A few years ago, I severely suffered with an eating disorder. I am male, so I felt extremely ashamed at the time, as I thought that these types of mental illnesses only affected the female population. How wrong was I?!
It all began with stress during my a-level examinations, whereby I would revise from 6am-9pm at night. Upon completion of my a-levels, is where the problems began. I had nothing to focus my thoughts on other than food and exercise, thus exacerbating the negative perceptions I had of my body. These distorted thoughts fed the obsessive traits within my personality and food began to pre-occupy my mind on a daily basis. In addition to this, I would look at cover models on magazines and aspire to look like these, despite the fact that these images were airbrushed and unrealistic.
After 3 months, I dropped body fat and weight rapidly. I began weighing my food, eating the same types of food and exercised daily for 2 hours. The problem worsened, and I started to feel guilty after every meal I ate, no matter how healthy it was. From what started as a minor diet and exercise routine had soon turned into a ruthless mental illness.After speaking to my family, I decided to seek help, as my illness was out of control. I began attending a young person’s support group every Wednesday at First Steps Derbyshire, which helped to significantly change the way I felt about myself. Whilst attending these support groups, I was provided with the tools I needed to both fight and recover from this exhausting eating disorder. Gradually, with time, things began to improve. I gained body weight at a gradual rate over the year and my negative thoughts and pre-occupations about food and my body started to disappear.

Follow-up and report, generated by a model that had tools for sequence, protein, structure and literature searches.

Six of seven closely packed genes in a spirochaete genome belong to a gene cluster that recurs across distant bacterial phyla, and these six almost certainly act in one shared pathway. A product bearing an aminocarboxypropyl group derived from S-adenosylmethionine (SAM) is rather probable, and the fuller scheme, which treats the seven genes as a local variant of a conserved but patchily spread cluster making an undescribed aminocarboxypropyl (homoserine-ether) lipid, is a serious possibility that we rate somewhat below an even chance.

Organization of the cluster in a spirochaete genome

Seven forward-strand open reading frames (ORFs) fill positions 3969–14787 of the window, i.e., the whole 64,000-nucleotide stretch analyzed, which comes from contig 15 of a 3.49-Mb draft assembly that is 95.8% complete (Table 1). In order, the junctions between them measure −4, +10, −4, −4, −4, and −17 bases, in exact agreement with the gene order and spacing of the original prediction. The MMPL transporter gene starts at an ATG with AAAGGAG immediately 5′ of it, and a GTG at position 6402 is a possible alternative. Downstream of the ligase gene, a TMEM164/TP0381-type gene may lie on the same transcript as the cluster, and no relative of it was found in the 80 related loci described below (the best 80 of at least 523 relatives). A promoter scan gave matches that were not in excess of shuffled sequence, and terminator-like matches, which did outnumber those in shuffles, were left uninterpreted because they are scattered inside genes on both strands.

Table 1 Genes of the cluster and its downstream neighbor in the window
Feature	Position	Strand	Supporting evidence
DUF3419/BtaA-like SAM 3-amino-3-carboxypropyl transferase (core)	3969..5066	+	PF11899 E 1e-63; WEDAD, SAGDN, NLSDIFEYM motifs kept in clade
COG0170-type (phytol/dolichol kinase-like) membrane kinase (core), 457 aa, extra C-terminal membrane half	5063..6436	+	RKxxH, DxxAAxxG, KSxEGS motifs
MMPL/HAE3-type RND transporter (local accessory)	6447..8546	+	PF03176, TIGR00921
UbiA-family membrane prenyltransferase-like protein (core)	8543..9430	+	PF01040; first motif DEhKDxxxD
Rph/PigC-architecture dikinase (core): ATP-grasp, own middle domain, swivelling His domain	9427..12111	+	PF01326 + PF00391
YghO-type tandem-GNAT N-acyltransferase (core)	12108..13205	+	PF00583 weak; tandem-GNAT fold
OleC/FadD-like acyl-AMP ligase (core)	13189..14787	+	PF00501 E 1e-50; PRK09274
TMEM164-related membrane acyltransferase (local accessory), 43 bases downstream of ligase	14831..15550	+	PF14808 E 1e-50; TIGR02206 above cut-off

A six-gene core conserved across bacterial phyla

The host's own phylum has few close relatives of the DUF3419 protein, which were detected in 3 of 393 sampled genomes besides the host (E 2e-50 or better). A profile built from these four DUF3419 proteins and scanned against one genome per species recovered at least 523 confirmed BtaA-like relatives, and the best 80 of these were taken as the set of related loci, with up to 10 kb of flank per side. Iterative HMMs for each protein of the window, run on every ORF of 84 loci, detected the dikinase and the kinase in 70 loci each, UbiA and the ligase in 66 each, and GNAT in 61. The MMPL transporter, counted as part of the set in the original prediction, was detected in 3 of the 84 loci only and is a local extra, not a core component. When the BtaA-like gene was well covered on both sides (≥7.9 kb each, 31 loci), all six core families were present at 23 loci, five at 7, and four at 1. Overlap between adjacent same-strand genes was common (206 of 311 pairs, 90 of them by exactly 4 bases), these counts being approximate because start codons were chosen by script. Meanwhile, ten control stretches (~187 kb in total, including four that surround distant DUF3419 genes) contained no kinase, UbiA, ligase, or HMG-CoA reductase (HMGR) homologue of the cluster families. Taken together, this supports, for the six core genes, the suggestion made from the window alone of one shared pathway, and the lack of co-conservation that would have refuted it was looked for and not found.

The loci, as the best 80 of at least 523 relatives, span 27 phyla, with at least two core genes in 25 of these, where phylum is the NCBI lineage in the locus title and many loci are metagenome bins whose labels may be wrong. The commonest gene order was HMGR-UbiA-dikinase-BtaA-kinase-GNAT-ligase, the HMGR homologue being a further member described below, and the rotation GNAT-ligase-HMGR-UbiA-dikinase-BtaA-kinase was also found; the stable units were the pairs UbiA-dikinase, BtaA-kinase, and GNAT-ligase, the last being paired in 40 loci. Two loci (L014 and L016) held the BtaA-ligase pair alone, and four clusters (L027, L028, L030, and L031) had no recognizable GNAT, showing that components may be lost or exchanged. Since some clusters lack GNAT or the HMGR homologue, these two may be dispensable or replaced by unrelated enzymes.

Once I had recovered from my eating disorder, I started volunteering at First Steps Derbyshire and was offered a part-time job position the following month. I now support individuals whom suffer with eating disorders on both a group, and individual basis. My job role at First Steps Derbyshire also involves providing training to schools on positive body image and self-esteem, with the hope of reducing the number of young people who are at risk of developing an eating disorder.
Now I’m recovered, I would never, ever go back.